Scene in Phnom Penh

My view from the treadmill at the gym. Running east towards the Mekong River (which is at the top of this photo) is Sihanouk Blvd. Independence Monument, commemorating the war dead and independence from colonial rule (France) in 1953, is at the intersection with Norodom Blvd. The parks on either side of the monument are hubs of activity.The street grid under French rule composed of wide main boulevards lined with trees. Fortunately the not-so-often wise leadership decided that this is an asset. The municipality has recently begun a spate of beautification projects around the city, making medians more inviting and family-friendly like this one. It's part of a wider effort at attracting tourism, as most visit the country for just three days-- … [Read more...]

Indonesia: Jogjakarta

Yogyakarta is the only province in Indonesia still formally governed by a precolonial Sultanate, the Sultanate of Ngayogyakarta Hadiningrat. It's a center of classical Javanese fine arts and culture (batik, ballet, drama, music, poetry and puppet shows). This is a view of Mount Merapi outside our hotel window. It's been active for 10000 years and today is the most active as well as produces more pyroclastic flows than any volcano in the world. We started climbing the 345 steps to the Royal Tombs of Imogiri at the same time as this lady, and by the time we were done and ready to come back down she was just barely getting to the top with her load of 2 banana bunches and 6 bottles of water to sell. We bought all she had, exchanged sentences … [Read more...]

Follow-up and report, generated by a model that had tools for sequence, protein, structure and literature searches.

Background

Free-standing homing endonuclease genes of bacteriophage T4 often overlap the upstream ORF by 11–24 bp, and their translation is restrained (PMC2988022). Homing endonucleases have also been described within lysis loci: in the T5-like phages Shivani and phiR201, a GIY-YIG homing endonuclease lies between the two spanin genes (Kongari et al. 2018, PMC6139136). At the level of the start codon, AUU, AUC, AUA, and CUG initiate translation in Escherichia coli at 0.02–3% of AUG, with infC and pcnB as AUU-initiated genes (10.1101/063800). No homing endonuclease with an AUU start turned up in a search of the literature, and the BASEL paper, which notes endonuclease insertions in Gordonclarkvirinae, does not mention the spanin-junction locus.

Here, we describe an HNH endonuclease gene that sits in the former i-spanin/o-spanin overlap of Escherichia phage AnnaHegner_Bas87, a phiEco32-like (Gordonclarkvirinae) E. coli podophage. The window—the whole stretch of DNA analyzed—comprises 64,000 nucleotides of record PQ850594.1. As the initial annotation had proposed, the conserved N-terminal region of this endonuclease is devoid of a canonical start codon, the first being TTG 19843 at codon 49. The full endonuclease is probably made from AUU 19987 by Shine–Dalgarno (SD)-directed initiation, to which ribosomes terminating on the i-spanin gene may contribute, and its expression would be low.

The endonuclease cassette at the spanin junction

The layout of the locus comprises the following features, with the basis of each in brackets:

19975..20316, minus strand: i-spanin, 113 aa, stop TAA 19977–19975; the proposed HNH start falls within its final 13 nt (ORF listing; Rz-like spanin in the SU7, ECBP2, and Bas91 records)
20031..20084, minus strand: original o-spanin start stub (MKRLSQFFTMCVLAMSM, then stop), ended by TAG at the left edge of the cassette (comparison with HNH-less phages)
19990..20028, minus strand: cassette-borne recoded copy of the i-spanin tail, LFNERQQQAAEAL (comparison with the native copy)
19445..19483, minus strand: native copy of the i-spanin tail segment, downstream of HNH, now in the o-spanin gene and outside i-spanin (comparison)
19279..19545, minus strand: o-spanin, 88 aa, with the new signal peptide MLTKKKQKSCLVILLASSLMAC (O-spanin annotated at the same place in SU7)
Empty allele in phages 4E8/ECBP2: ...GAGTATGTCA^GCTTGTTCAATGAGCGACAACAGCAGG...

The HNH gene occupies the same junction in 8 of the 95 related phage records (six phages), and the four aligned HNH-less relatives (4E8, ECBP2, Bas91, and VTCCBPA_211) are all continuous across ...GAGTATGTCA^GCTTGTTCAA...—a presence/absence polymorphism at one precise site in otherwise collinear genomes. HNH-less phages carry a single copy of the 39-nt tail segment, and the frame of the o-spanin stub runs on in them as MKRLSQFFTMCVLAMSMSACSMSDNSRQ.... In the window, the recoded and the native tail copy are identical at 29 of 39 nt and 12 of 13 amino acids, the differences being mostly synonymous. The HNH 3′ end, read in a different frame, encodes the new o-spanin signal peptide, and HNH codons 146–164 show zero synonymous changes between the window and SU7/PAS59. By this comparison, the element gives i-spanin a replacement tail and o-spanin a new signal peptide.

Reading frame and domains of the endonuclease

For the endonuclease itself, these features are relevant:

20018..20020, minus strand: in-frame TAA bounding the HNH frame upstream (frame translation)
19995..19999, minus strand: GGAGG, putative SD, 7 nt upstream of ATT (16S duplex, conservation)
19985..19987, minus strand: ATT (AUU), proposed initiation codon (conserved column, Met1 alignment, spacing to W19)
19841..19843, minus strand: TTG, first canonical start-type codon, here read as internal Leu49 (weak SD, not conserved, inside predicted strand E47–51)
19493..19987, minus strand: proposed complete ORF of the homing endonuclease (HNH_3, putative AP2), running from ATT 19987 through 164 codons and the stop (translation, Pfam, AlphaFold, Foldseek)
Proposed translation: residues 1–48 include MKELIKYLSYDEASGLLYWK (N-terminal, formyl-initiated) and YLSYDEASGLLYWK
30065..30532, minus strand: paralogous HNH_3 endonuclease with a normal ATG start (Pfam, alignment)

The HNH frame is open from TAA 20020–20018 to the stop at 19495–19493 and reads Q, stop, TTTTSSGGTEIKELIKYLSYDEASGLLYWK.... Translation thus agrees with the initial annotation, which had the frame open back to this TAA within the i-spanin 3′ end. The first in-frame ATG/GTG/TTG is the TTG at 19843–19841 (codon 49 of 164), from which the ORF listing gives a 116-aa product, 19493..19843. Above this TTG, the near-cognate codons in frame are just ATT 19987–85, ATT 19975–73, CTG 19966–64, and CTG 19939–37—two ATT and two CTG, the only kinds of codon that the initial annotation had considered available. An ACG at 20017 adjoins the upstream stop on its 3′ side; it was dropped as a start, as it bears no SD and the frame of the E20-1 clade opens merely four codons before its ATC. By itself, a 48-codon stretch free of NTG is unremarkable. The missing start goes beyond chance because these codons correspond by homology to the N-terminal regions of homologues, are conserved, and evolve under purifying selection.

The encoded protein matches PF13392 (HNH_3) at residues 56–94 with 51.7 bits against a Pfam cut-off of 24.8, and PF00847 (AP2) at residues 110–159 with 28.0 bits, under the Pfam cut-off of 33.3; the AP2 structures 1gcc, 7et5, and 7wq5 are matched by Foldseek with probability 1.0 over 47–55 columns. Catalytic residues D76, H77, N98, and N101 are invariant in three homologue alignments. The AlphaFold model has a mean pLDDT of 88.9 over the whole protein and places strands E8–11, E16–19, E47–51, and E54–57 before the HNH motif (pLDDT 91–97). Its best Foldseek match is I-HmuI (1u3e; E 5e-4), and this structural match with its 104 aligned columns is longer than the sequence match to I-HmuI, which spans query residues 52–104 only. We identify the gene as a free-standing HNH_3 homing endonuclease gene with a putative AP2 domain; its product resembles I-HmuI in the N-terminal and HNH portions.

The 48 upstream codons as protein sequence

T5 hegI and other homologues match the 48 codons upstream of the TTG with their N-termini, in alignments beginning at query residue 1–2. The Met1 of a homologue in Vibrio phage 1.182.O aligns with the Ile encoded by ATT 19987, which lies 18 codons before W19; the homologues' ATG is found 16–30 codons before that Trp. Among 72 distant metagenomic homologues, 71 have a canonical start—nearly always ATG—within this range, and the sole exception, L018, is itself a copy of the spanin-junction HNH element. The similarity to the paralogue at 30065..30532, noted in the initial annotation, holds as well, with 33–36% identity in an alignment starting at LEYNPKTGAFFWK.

Indonesia: Borobudur

Borobudur is a ninth-century Mahayana Buddhist monument in Central Java. It's got six square platforms topped by three circular levels, decorated with 2,672 relief panels and 504 Buddha statues in various poses. Pilgrims begin their 3/4 mile journey by entering the eastern staircase. This base, or Kamadhatu, symbolizes where human beings are still bound by lust. They then walk clockwise around the galleries and up. Each level progresses towards enlightenment, with lower levels depicting bas reliefs of life on earth, with the range of sins of mankind. A guide is about 50000Rupiah (12300Rupiah/$1 at this time), and it's well worth it.Elaborate gateways to the next levels are guarded by the fearsome beast Kala. Each level up represents the … [Read more...]